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The Irish Pharmacy Union (IPU) has welcomed plans to increase the number of education places for pharmacists in Ireland. Ireland has not been training enough pharmacists in recent years, which according to the IPU, is resulting in growing pressures on the sector.

Media reports have suggested that Minister for Health Stephen Donnelly has called on the Higher Education Authority (HEA) to increase the number of training places. The HEA is said to have issued an expression of interest to education institutes to provide additional training.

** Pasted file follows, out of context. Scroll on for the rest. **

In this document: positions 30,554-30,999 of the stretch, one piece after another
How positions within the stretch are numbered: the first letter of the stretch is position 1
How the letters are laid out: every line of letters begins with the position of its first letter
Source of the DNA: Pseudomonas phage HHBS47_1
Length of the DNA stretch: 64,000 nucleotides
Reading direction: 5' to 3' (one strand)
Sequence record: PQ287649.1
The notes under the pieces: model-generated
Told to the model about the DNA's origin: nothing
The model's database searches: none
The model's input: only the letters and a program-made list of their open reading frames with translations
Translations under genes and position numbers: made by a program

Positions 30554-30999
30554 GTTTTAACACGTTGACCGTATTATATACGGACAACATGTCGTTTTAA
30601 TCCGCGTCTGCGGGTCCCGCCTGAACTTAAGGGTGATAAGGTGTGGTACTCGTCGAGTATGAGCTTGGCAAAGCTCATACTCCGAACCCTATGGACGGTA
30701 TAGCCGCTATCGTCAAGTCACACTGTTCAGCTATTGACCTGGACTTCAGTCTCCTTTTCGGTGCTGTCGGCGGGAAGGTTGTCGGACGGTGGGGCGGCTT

Welcoming the development, IPU Secretary-General Sharon Foley said: “Ireland currently has not got enough qualified pharmacists to support an ageing population and growing demands on the community pharmacy sector, with graduating pharmacists in Ireland per 100k population below the OECD average (3.45 vs 4.23). Traditionally, Ireland has relied on the UK and other countries to train our healthcare workers, in particular pharmacists. But we must, as a country, take ownership over educating key workers such as pharmacists.

“While we welcome the Minister’s ambition to increase the availability of training places this year, it is imperative that there is a prompt response confirming the number of new places available and also any initiatives being undertaken to improve workforce planning. We would encourage all
suitably experienced HEIs to engage in this process and the Irish Pharmacy
Union is available to offer any practical support that may be of benefit.”